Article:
×

Covid-19 Screening Clinic details – Frankston, Rosebud and mobile.

Home // Latest News // Page 20

Latest News

  • Winter health tips

    As the temperature drops heading into winter, the number of senior people coming into hospital with pneumonia and ‘flu increases.

    Peninsula Health Geriatrician, Dr Kristy Siostrom, shares some tips and ideas to help you and your family stay healthy this winter.

    • Have the yearly ‘flu vaccination. • Check that your pneumonia vaccination is up to date – this is not something you need every year so if you are 65+, check with your GP. • Maintain a healthy diet – aim to eat lots of fruit and vegetables high in Vitamin C. • Stay hydrated – in summer people feel thirsty because it’s hot, it is easy to forget to drink as much water as you need in winter. • Keep active – this may need to be an activity indoors in winter. • Wash your hands – to prevent catching germs or spreading disease. • ...

  • Proposing an exciting future for Rosebud Hospital

    Image: Peninsula Health Chief Executive Felicity Topp speaking to the local community.

    Peninsula Health has initiated communications with the local community about its proposed plans to rebuild Rosebud Hospital.

    “We are investigating the suitability of the current site to meet the health needs of the Rosebud and Mornington Peninsula community for the next 15 years,” says Chief Executive Felicity Topp.

    The recently completed Rosebud Hospital Masterplan was presented to more than 150 local residents, business owners, GPs and community representatives at two public forums held on the Rosebud foreshore in early April.

    “A Feasibility Study, currently underway, is investigating if it is possible to re-build the hospital on the existing site,” adds Ms Topp. “It is vital we continue to offer health services for the local community while any potential future construction occurs.”

    To accommodate the required growth in beds, theatre capacity and community health, it is ...

  • Increase your chance of quitting with Nicotine Replacement Therapy

    Peninsula Health Pharmacist Darshana Meanger.

    Today is World No Tobacco Day.

    Tobacco kills more than 8 million people around the world every year. It’s never too late to quit smoking. Within two weeks of quitting tobacco lung function increases. After 10 years the risk of lung cancer is half that of a smoker.

    If you are thinking about quitting, have you tried Nicotine Replacement Therapies? Nicotine Replacement Therapies (NRT) increase the chance of quitting smoking by 50% to 70%. NRT replaces some of the nicotine people normally get from smoking, without the other harmful chemicals found in cigarettes. 

    Peninsula Health Pharmacist Darshana Meanger says many people are unaware that different types of NRT are available, including patches, gum, lozenges and sprays, and can be used in combination with one another.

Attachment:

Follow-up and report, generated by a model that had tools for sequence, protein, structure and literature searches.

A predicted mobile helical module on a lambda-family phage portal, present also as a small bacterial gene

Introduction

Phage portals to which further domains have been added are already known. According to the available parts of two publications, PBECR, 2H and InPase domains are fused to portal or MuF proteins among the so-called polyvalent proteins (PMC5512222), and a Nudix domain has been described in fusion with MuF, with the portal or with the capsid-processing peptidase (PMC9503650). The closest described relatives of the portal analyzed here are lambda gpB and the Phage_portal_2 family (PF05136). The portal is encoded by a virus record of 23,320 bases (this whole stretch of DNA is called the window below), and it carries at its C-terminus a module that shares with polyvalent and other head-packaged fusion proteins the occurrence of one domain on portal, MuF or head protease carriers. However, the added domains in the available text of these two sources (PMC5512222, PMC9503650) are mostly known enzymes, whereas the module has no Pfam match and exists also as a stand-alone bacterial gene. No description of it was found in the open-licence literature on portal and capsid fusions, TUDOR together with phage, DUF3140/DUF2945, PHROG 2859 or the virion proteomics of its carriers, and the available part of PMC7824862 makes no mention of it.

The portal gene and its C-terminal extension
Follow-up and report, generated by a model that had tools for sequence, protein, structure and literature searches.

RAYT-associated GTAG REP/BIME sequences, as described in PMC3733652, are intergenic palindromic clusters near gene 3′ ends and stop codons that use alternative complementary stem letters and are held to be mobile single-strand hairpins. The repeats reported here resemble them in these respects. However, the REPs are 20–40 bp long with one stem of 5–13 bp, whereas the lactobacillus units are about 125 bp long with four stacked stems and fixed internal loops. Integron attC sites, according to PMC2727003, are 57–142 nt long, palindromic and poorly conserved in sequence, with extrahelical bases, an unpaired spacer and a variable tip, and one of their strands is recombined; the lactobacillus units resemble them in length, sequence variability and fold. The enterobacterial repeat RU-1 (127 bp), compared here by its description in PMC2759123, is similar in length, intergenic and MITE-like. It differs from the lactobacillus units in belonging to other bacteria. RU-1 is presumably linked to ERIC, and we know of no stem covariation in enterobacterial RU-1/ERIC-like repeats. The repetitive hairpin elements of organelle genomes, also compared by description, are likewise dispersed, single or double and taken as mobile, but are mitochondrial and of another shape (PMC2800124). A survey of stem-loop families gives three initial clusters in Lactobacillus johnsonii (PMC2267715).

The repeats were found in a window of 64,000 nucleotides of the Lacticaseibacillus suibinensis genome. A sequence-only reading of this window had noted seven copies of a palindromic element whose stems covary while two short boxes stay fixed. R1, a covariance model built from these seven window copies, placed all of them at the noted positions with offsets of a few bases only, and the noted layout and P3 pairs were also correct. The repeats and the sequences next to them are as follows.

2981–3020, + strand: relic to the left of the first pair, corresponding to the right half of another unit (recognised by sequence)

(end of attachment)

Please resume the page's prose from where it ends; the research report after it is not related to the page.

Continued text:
“Combination therapy has been shown to increase quit success rates by 24% to 54%, compared to using ...

  • Safewards comes to the Emergency Department

    Consumer representative Garry Watson cut the cake with ED staff at the launch.

    The Emergency Departments (ED) at Frankston and Rosebud Hospitals launched their Safewards program on 8 May.

    The Safewards model aims to create a welcoming, calmer environment for patients and their families. This is done through ten interventions, which are visible and straightforward for staff to follow. Safewards trains staff to identify points of care that may trigger a conflict response, or an issue around communication, and then use a targeted intervention to prevent this conflict from arising.

    Ward 5GS was the first acute ward in the world to implement Safewards and the program has been a success, with staff reporting they feel safer and patients and family members also praising the new ways of de-stressing and relaxing.

    ED Acting Operations Director Trish O’Neill thanked RISCE coordinator Kate Bendall and ED Clinical Nurse Specialist ...

  • Rotary Peninsula 2.0 Birth Tree and local families raise $5000 for Special Care Nursery equipment

    Kelly with her family at the Birth Tree in Frankston. 

    Kelly Perkins knows first-hand the important role the Special Care Nursery at Frankston Hospital plays in caring for babies on the Peninsula.

    “When Tyler was born he had to spend a few days in the Special Care Nursery on CPAP (a breathing machine) before he could go home,” explains Kelly.

    Tyler got to go home when he was four days old. Everything was going well but then when he was six weeks old, Tyler contracted meningitis.

    “Because Tyler was so young he had to go to Frankston Hospital for five days.”

    One year on and Tyler is thriving, turning one on 16 May.

    Left: Tyler now. Right: Tyler in the Special Care Nursery after he was born.